Charles Grymes McCawley
|Born||January 29, 1827|
Philadelphia, Pennsylvania, U.S.
|Died||October 13, 1891 (aged 64)|
Philadelphia, Pennsylvania, U.S.
|Allegiance||United States of America|
|Service/||United States Marine Corps|
|Years of service||1847–1891|
|Commands held||Commandant of the Marine Corps|
|Relations||Charles L. McCawley son|
Charles Grymes McCawley (January 29, 1827 – October 13, 1891) was the eighth Commandant of the Marine Corps and served as an officer in the United States Marine Corps during the Mexican–American War and the American Civil War.
Born at Philadelphia, Pennsylvania, McCawley was appointed a second lieutenant in the Marine Corps on March 3, 1847 by President James K. Polk. He took part in the Battle of Chapultepec and the capture of Mexico City during the Mexican–American War. (It is this battle which is commemorated in the Marine Hymn's words, "From the Halls of Montezuma ...")
He was brevetted first lieutenant September 13, 1847, for gallantry in those actions. After the war he commanded the guard of the frigates USS Cumberland and USS Independence in the Mediterranean from 1849 to 1852. He then served at the Philadelphia Navy Yard until 1854. He received promotion to first lieutenant on January 2, 1855 and, after various services afloat and ashore, became captain on July 26, 1861.
In the Civil War, he aided in the capture of Port Royal, South Carolina, November 7, 1861 and led a detachment of 200 Marines to reoccupy the Norfolk Navy Yard, May 1862. He subsequently commanded Marine detachments during operations in Charleston Harbor against Forts Wagner, Gregg, and Sumter. For gallant and meritorious conduct during the boat attack on Fort Sumter, September 8, 1863, he was brevetted to the rank of major and received a full promotion to that rank on June 10, 1864.
After the war, he became a First Class Companion of the Military Order of the Loyal Legion of the United States and was promoted to lieutenant colonel on December 5, 1867.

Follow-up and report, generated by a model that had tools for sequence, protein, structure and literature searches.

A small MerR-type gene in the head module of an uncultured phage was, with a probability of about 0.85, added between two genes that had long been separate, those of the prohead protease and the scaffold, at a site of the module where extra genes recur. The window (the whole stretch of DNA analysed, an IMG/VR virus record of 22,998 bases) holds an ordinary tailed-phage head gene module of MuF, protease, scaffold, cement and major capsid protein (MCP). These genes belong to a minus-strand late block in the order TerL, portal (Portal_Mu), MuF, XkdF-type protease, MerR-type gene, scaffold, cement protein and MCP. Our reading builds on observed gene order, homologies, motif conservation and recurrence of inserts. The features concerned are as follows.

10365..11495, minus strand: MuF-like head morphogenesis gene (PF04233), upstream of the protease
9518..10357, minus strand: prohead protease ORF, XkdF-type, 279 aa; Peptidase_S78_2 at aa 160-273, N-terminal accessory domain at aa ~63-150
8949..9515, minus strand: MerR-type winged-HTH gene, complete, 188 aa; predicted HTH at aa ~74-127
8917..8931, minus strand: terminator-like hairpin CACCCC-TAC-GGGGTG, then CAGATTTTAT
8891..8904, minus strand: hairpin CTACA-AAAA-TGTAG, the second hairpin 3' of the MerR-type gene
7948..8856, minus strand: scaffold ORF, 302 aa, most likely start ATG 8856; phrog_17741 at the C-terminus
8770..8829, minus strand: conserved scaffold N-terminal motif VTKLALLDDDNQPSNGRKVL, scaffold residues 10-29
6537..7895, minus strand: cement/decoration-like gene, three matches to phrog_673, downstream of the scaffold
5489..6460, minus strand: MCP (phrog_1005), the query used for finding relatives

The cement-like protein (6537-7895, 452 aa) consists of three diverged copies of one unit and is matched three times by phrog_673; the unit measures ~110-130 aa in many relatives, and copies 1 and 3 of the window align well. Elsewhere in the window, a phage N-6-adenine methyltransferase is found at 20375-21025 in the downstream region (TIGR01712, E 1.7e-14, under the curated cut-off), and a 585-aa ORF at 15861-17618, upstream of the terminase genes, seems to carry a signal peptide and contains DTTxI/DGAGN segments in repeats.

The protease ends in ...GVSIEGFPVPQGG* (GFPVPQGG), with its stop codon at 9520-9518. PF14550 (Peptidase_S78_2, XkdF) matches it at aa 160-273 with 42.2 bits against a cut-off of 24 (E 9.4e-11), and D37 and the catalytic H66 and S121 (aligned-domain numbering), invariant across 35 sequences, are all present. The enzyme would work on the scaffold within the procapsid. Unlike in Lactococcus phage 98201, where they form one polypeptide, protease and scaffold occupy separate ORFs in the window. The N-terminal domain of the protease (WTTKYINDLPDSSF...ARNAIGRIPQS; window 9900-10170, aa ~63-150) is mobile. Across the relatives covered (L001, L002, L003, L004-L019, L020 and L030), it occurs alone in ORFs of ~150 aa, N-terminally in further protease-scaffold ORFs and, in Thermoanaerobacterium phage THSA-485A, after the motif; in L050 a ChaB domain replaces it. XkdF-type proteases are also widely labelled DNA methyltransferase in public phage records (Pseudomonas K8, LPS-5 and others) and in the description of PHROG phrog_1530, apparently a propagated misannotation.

On November 1, 1876, he was appointed colonel commandant, the highest post in the Marine Corps, and served in that position until he retired on January 29, 1891. In 1883, Colonel McCawley chose Semper Fidelis, Latin for 'Always Faithful', as the official Marine Corps motto.
Colonel McCawley died at Philadelphia on October 13, 1891.
Son of Mary E. (1809–1881) and Marine captain James McCawley (1797–1839). He married his first wife, the former Mary Elizabeth Colegate (1843–1867), on March 28, 1863. The oldest of two sons from this marriage, Charles L. McCawley, also received a commission in the Marine Corps and went on to receive the Marine Corps Brevet Medal and to modify the enlisted Marines sword.
- "Our Marine Gallery; Charles Grimes McCawley, Commandant of the Corps". The Washington Critic (17th Year, No. 5, 257). 15 June 1885. Retrieved 26 February 2015.
- "Metropolitan Wedding". Daily National Republican (Washington, D.C.) (Vol. 3, No. 103). 28 March 1863. p. 2. Retrieved 26 February 2015.
- "At The Marine Barracks. Some of the Gallant Soldiers of the Sea and Their Wives". Evening Star (Washington D.C.) (Vol. 74, No. 13, 060). 22 June 1889. Retrieved 26 February 2015.
This article incorporates public domain material from websites or documents of the United States Marine Corps. This article incorporates text from the public domain Dictionary of American Naval Fighting Ships.
- "Charles Grymes McCawley". Find a Grave. Retrieved 2009-08-07.
- "Colonel Charles G. McCawley, USMC". Who's Who in Marine Corps History. History Division, United States Marine Corps. Retrieved 2010-12-29.
- Allan Reed Millett and Jack Shulimson, eds. (2004). Commandants of the Marine Corps. Annapolis, Maryland: Naval Institute Press. pp. 97–114. ISBN 978-0-87021-012-9.CS1 maint: Uses editors parameter (link)
Brig. Gen. Jacob Zeilin
| Commandant of the United States Marine Corps
Maj. Gen. Charles Heywood